concept pages: copyright Robert Ellis 2010 

Integration of belief

Integration of belief is one of three levels of integration, together with integration of desire and integration of meaning, discussed in Middle Way philosophy. Please see integration page for the concept of integration in general.

A belief involves an attempt to represent an assumed world around us, together with an assumption that this is the world we take to be true for the time being. To the extent that these representations of an assumed world are both coherent and avoid obvious sources of delusion, they are integrated beliefs. Such beliefs are less likely to conflict with each other and provide a stable basis for action. Because they are less subject to delusion, integrated beliefs are also more likely to address conditions.

We can test our beliefs for integration both philosophically and psychologically. Philosophically, a better integrated belief is a more justified belief. Justification cannot be understood only as coherence, because experience tells us that it is possible to maintain a coherent world-view that is also deluded. The coherence of our beliefs is thus necessary but not sufficient for their justification. In addition we also need negative foundationalism, the recognition that our beliefs may be false. With a suitably provisional understanding of the status of our coherent beliefs, we can count them justified, and thus the basis of action for the moment. Because a belief is justified, however, does not mean that it is necessarily true, nor that we need to claim that it is. We can find the idea of its truth meaningful without actually claiming that it is true. We can also check that a belief is not metaphysical: since metaphysical beliefs are incompatible with negative foundationalism, metaphysical beliefs tend to produce dogmatism (a state of stubborn attachment to an unjustified belief) rather than integration, and to constantly conflict with conditions.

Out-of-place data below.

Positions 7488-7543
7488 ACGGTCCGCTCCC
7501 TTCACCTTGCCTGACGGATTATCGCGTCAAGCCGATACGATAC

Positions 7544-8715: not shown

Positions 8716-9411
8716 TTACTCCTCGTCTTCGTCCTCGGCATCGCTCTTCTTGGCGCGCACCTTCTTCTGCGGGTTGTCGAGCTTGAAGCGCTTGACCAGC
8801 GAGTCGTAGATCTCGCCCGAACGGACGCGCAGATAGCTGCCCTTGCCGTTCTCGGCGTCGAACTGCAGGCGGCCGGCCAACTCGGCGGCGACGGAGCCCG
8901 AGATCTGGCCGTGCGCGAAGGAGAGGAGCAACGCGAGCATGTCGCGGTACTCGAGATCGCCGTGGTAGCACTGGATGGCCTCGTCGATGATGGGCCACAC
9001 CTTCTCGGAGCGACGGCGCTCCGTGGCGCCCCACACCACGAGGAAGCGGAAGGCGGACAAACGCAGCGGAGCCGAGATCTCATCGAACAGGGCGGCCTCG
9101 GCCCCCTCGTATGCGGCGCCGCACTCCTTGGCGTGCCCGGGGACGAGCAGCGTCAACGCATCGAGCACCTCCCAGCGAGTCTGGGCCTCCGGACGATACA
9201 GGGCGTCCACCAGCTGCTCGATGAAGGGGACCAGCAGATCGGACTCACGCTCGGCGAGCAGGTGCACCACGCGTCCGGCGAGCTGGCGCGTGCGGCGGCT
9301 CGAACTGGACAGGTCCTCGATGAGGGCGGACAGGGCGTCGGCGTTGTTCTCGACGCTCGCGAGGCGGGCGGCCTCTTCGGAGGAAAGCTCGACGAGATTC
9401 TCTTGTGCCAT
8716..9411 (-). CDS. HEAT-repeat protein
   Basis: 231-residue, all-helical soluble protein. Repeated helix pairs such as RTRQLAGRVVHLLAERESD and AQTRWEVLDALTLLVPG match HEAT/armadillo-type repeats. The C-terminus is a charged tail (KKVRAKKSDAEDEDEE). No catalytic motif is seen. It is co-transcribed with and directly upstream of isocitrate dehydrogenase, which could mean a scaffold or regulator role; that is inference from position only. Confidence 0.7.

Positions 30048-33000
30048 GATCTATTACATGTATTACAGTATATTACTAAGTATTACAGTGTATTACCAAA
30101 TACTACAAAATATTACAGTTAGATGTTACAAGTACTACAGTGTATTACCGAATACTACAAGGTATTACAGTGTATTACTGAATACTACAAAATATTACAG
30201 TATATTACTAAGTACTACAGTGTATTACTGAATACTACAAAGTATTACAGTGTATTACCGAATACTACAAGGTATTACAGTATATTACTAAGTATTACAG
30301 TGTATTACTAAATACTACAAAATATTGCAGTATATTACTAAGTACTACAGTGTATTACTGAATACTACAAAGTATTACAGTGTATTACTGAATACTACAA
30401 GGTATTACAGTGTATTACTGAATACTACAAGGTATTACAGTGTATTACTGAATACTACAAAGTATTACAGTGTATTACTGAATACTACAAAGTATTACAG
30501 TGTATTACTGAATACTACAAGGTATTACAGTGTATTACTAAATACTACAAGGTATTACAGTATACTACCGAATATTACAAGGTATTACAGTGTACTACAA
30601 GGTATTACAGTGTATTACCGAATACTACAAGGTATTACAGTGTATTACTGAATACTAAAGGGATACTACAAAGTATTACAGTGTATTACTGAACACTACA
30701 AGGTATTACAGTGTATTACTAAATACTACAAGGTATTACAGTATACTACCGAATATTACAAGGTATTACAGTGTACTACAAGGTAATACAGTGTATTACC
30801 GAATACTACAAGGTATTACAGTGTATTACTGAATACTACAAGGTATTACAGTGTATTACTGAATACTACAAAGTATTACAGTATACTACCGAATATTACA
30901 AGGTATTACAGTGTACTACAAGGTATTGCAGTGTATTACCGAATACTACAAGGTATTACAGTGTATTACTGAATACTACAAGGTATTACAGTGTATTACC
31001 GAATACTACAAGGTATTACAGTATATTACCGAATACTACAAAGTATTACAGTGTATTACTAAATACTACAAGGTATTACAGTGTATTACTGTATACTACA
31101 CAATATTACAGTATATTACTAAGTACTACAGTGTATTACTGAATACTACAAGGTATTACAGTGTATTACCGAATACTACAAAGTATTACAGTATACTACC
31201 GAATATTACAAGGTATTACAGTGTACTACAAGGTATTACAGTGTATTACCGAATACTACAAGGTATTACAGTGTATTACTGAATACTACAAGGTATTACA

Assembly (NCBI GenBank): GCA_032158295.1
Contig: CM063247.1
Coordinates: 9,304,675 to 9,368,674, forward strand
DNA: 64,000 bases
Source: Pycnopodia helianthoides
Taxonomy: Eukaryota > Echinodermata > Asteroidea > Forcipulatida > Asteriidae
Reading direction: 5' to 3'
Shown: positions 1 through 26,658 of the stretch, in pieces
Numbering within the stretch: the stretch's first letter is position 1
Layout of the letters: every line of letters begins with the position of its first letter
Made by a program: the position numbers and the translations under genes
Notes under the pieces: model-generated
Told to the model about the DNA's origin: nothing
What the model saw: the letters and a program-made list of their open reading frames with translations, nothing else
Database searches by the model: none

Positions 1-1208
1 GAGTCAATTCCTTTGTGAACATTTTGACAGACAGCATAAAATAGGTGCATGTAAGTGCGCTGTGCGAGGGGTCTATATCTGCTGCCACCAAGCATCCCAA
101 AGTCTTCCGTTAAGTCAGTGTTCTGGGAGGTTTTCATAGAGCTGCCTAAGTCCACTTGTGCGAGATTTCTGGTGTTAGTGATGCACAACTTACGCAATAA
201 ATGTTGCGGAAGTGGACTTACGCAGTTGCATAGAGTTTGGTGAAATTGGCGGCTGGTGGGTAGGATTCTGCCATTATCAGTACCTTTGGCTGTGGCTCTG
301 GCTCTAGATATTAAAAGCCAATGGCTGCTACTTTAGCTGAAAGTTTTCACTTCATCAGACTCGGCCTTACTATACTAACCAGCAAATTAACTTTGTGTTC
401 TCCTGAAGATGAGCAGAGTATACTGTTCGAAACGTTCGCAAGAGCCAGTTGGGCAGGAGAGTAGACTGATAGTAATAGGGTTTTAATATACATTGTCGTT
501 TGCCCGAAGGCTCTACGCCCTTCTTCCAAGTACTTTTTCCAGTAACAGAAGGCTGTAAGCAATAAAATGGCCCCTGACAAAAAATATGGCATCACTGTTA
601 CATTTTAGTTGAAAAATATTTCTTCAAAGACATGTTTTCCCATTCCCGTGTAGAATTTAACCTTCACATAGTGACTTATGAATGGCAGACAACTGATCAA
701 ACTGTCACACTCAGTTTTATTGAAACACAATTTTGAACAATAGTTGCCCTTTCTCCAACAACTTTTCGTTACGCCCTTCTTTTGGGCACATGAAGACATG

We can test the integration of our beliefs psychologically in terms of the mental processes and behaviour that arise from it. A relatively unintegrated belief is relatively insecure and thus we are relatively defensive about it: this is the state of doubt. Doubt creates conflict and resists integration, so that we are constantly having to suppress contrary beliefs and have to build up a defensive position to keep them suppressed. It is oddly those who profess most certainty, such as religious or political fanatics, who are most likely to be subject to doubt in this sense. The contrasting state to doubt is that of confidence, in which justified provisional beliefs are allied with optimistic assumptions that lead us a slightly (but not too far) ahead of the evidence. We can judge the integration of our beliefs (or to some extent those of others) from our experience of the extent of psychological conflict surrounding those beliefs.

The integration of belief is dependent on the integration of desire, without which the development of confidence would be impossible, and the integration of meaning, without which our increasingly integrated beliefs cease to make sense. There are thus limits to how far they can develop without one another, but our development can still be asymmetrical to some extent. For the integration of belief to be lopsidedly in advance of the integration of desire, for example, leads to a degree of disjunction between 'reason' and 'emotion', with our philosophy solid but some aspects of our emotional experience sometimes not in step with that philosophical development.


Links to related discussion

The psychological basis of belief (thesis)

Integration and belief (thesis - scroll down to section d)

Truth on the Edge


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